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The U.S. and China are once again butting heads over China's lax approach to piracy

The United States again recently filed two complaints related to copyright policy against China at the World Trade Organization.  Washington has wanted China to respect obligations the country promised after it officially joined the WTO in 2001.  However, China violated trade commitments after both failing to stop piracy and eliminating access for music, movies and books produced in the U.S.  The U.S. copyright industries reportedly lose billions of dollars per year due to piracy in China alone.

Spokesmen with the Chinese Commerce Ministry reacted strongly to the announcement that the U.S. decided to complain to the WTO.  The complaint "will seriously undermine cooperative relations the two nations have established in the field and will adversely affect bilateral trade," said Wang Xinpei, Commerce Ministry spokesman.  The nation is "strongly dissatisfied" with the decision, spokespeople added.

The nation also said that the recent complaint by the U.S. could harm future trade relations between the two countries.  Chinese diplomats are still discussing how to formally respond to the WTO complaint.

There will now be a 60-day consultation period in which trade negotiations between China and the United States will continue.  The WTO's involvement will be limited to whether or not China has made sufficient efforts to combat piracy -- the organization is unable to combat piracy in China.

A number of companies -- including Nintendo America, Microsoft, the Recording Industry Association of America (RIAA), and the Motion Picture Association of America -- support the move by the U.S.  Microsoft hopes to see up to a 20 percent sales increase in China over the next year -- if the Chinese clamp-down works. 

"China is, by virtually any and every measure, the world's largest marketplace for pirate goods," said Dan Glickman, MPAA chairman and CEO.

President Bush announced in late March that the U.S. would impose duties on all imports of coated paper from China immediately after the piracy filing.  Bush did not directly attribute the tarrif to piracy infractions, but did indicate more duties are possible if China does not clean up its piracy stigma.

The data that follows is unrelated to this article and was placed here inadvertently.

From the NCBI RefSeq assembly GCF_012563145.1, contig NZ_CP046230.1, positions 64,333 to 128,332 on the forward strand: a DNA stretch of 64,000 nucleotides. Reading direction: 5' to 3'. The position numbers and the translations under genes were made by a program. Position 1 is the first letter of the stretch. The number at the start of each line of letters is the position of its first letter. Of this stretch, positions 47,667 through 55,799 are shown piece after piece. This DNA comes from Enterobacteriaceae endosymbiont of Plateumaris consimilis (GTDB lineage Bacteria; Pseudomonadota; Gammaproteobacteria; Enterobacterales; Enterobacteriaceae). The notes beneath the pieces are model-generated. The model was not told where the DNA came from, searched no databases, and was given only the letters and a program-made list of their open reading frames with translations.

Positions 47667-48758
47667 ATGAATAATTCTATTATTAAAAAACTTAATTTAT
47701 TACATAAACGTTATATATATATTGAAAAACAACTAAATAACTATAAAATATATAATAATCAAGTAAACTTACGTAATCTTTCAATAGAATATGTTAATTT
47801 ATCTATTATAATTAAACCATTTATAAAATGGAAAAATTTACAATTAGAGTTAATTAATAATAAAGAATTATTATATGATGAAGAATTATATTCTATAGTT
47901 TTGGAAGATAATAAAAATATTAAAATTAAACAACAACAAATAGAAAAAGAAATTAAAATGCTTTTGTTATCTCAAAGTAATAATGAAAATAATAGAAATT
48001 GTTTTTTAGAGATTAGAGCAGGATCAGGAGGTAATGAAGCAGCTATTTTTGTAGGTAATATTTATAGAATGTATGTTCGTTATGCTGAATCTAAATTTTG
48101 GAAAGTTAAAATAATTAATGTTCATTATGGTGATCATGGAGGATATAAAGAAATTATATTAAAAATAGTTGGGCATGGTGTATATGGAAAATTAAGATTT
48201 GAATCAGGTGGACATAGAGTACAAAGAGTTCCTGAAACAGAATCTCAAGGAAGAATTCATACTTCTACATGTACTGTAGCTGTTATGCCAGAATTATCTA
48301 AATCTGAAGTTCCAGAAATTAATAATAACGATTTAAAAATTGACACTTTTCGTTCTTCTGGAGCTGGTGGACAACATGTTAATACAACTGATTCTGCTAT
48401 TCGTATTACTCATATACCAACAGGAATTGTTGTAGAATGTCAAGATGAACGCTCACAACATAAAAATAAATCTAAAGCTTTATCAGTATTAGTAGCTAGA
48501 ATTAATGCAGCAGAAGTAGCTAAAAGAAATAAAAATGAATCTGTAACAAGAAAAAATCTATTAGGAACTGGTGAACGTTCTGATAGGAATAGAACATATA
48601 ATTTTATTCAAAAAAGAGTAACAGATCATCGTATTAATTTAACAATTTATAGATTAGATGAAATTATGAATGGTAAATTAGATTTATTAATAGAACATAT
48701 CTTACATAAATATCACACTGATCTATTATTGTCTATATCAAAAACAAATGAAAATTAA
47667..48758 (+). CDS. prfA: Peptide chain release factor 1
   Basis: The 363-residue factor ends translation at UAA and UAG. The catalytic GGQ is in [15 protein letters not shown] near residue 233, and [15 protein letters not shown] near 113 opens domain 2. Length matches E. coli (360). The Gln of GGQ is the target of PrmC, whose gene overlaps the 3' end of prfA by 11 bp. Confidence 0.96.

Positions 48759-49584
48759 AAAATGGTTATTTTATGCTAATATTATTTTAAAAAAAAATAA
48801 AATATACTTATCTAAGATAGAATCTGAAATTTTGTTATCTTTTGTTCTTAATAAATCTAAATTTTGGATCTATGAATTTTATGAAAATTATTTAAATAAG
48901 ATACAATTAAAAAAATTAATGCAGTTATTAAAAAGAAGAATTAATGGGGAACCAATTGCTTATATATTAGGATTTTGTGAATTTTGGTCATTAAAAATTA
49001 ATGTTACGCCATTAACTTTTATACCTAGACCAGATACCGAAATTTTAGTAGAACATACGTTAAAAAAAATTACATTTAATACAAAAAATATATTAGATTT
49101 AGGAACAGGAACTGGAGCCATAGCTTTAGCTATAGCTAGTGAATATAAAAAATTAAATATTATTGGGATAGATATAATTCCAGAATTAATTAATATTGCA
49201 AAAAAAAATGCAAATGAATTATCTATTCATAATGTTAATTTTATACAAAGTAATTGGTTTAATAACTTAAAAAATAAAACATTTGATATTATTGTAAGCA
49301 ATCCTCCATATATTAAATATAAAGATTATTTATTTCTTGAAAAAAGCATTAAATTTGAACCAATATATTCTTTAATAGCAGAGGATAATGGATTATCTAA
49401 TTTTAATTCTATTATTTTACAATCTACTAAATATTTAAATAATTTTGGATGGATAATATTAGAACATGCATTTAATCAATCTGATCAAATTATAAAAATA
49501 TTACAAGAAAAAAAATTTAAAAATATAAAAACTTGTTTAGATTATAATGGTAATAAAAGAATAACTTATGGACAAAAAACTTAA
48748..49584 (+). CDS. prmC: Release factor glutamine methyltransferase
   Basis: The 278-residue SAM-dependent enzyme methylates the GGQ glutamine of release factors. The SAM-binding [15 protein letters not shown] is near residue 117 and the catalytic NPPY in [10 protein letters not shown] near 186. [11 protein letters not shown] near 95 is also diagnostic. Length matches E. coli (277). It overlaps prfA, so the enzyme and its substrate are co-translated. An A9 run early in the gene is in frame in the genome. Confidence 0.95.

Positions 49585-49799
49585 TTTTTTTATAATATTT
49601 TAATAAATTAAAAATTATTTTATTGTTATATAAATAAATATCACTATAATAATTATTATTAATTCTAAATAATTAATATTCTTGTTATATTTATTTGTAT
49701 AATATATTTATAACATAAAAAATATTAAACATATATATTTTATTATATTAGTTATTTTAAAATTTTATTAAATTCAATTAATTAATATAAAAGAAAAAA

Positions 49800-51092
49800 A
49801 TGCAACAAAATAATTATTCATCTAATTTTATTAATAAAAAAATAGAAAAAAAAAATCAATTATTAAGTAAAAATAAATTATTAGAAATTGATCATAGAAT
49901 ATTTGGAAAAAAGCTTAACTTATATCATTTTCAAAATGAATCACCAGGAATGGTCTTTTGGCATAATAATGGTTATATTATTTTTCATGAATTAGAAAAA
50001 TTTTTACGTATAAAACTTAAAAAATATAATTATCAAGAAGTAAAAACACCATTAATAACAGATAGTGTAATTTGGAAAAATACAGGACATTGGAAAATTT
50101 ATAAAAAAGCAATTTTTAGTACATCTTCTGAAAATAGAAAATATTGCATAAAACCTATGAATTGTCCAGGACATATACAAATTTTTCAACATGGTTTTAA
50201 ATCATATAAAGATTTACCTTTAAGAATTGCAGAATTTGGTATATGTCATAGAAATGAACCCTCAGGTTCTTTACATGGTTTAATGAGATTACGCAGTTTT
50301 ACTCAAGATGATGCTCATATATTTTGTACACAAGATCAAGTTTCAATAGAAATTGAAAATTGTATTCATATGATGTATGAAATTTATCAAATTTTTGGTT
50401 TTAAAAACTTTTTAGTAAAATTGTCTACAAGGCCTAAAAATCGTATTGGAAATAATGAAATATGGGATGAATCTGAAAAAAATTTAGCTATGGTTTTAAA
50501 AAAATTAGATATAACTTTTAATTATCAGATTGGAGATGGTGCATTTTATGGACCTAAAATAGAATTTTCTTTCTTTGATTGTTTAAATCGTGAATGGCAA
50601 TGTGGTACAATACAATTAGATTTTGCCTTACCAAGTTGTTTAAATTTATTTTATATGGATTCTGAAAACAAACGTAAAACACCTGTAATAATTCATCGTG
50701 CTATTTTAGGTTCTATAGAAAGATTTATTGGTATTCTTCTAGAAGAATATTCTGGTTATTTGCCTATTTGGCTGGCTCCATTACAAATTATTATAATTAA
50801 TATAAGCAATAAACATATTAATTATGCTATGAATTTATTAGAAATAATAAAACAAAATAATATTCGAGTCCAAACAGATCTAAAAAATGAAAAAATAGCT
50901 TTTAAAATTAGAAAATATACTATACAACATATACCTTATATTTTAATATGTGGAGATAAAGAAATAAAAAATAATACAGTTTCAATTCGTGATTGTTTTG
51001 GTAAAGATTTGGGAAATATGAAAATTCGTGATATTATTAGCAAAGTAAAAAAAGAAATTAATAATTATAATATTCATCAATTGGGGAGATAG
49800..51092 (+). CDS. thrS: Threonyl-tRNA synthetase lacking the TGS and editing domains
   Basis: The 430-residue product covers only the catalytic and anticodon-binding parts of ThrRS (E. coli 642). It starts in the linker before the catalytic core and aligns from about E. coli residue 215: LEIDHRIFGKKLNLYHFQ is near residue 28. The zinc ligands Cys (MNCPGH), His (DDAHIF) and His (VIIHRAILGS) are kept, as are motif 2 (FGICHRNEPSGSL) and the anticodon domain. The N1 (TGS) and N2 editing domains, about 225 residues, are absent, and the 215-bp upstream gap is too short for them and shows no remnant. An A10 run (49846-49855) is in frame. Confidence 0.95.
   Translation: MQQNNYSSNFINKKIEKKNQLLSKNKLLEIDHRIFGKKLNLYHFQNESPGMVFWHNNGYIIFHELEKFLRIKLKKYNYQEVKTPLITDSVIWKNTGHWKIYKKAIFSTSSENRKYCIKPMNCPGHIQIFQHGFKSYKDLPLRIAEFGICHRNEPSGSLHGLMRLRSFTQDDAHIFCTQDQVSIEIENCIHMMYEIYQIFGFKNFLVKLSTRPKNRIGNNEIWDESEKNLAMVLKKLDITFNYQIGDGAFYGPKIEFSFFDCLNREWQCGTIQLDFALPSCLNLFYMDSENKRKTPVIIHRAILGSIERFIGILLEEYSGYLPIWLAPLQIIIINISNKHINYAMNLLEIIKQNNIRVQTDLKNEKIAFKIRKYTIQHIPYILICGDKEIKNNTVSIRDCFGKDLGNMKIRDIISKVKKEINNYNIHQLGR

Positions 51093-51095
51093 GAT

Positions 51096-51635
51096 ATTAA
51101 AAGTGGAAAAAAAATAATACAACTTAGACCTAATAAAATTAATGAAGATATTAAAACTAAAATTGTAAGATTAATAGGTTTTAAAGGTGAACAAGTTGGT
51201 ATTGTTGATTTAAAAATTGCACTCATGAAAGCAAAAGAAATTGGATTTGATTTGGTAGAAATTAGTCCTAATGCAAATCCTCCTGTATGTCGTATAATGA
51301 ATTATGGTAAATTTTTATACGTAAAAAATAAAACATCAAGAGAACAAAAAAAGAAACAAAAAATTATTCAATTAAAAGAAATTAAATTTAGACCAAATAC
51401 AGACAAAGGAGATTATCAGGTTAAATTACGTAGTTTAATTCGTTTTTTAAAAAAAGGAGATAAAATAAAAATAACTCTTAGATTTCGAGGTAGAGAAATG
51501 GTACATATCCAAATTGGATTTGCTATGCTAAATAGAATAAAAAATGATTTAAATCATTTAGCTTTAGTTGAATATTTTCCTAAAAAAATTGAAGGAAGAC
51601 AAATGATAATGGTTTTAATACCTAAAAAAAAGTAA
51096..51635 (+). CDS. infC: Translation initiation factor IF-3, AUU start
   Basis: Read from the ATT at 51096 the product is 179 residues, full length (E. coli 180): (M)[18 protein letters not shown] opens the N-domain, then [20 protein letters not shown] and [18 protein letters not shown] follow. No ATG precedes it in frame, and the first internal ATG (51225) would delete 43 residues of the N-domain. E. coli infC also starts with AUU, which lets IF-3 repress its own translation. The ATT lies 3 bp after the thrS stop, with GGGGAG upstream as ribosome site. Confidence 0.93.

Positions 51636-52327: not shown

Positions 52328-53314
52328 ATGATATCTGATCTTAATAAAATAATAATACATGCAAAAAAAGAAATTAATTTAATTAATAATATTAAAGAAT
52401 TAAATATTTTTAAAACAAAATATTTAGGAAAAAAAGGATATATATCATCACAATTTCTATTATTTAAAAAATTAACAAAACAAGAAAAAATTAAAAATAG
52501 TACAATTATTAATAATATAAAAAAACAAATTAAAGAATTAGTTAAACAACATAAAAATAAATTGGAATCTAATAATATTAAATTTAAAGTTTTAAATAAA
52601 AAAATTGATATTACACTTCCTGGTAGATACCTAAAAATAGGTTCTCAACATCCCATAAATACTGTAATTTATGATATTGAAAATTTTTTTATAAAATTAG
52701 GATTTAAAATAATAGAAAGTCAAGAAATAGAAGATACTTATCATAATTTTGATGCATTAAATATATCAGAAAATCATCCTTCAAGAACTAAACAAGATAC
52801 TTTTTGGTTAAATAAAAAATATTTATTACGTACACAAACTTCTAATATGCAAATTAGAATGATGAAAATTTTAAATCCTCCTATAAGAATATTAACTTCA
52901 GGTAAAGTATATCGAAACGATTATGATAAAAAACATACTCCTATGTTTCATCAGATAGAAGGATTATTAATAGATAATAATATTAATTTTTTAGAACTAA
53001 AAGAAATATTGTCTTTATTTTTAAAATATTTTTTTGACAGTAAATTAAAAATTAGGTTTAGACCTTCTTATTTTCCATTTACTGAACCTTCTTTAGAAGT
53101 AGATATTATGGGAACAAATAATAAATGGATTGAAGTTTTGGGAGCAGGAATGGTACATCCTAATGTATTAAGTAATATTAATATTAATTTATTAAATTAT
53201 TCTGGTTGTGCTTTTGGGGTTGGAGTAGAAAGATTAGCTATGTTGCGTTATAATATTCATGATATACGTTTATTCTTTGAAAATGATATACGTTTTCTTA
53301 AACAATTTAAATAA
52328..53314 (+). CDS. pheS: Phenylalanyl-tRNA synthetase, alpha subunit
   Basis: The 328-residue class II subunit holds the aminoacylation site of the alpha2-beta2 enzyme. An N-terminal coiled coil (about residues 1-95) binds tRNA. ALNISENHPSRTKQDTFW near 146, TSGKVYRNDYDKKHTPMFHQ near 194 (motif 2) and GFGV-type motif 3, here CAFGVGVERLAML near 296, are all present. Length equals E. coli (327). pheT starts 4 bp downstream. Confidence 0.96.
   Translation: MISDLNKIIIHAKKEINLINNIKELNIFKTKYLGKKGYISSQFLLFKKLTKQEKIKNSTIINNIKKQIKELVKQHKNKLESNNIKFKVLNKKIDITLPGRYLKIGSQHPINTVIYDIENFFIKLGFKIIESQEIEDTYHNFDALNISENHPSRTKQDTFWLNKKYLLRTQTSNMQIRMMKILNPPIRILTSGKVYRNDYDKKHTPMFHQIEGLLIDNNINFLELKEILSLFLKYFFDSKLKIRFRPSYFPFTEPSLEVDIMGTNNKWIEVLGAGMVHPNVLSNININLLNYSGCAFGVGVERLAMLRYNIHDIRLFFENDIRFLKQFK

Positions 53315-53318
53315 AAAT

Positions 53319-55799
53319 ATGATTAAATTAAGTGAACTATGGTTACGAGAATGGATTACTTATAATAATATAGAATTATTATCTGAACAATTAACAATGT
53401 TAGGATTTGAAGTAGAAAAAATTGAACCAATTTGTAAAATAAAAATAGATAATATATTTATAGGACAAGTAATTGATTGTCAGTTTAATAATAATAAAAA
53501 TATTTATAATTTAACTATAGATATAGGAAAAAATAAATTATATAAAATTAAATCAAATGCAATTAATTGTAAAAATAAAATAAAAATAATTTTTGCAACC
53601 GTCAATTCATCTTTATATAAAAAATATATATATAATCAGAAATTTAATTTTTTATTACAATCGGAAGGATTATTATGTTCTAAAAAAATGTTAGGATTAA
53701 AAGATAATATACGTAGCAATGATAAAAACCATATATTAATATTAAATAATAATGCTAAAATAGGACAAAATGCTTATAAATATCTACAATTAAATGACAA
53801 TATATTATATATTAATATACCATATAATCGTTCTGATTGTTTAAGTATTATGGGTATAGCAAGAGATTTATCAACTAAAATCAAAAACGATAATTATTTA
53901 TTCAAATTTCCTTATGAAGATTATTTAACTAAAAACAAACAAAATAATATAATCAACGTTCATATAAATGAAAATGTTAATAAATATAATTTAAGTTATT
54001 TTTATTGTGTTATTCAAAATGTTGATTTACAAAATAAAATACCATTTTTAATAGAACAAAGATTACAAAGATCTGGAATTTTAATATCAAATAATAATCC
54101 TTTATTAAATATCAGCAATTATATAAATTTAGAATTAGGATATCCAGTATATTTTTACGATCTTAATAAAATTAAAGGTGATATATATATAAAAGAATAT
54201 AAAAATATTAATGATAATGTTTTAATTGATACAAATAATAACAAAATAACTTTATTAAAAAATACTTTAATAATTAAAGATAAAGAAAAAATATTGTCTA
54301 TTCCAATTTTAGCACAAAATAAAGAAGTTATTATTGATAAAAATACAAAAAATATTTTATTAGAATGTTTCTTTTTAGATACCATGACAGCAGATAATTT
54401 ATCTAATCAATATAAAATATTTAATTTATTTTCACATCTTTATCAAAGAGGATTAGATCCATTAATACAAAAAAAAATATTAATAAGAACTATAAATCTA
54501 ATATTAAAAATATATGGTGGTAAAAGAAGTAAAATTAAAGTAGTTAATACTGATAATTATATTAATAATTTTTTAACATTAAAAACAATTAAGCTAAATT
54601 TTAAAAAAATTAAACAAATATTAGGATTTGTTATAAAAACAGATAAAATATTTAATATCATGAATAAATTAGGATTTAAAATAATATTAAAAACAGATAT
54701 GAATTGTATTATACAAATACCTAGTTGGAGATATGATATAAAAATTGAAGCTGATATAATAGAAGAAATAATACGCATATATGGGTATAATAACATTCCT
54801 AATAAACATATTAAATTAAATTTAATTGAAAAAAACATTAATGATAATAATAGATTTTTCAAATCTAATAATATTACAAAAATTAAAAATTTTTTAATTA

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There goes cheap stuff.
By Mitch101 on 4/11/2007 2:55:02 PM , Rating: 2
There goes cheap stuff and by cheap I mean good quality but inexpensive in a lot of cases.

Not for nothing but if China can make is cheaper then why isnt it cheaper? You cant say R&D every time. If you cant compete then outsource the manufacturing to China.

Creative at one time was the only company I would say was successfull at eliminating knock off's by offering thier own cheap knock off. So companies can compete with China they just choose to rip everyone off. To bad creative doesnt do the same with thier X-Fi cards. Driver issues aside.

Finally buy your meds from Canada its cheaper and its the same stuff made by the same company.




RE: There goes cheap stuff.
By BMFPitt on 4/11/2007 3:07:01 PM , Rating: 2
quote:
Not for nothing but if China can make is cheaper then why isnt it cheaper?


Those pesky child labor laws and the Emancipation Proclamation, among other things.


RE: There goes cheap stuff.
By James Holden on 4/11/2007 3:10:01 PM , Rating: 2
Don't forget safety regulations (thanks Ralph Nader), unions, cost of living, competitive wages.


RE: There goes cheap stuff.
By masher2 (blog) on 4/11/2007 3:17:23 PM , Rating: 4
Environmental regulations are a huge cost factor for US paper producers as well. They've spent billions implementing the requirements of the 70/72 Clean Air & Water Acts.


RE: There goes cheap stuff.
By aftlizard01 on 4/11/2007 4:21:16 PM , Rating: 2
I would also personally thank Upton Sinclair for what its worth.


"I'd be pissed too, but you didn't have to go all Minority Report on his ass!" -- Jon Stewart on police raiding Gizmodo editor Jason Chen's home

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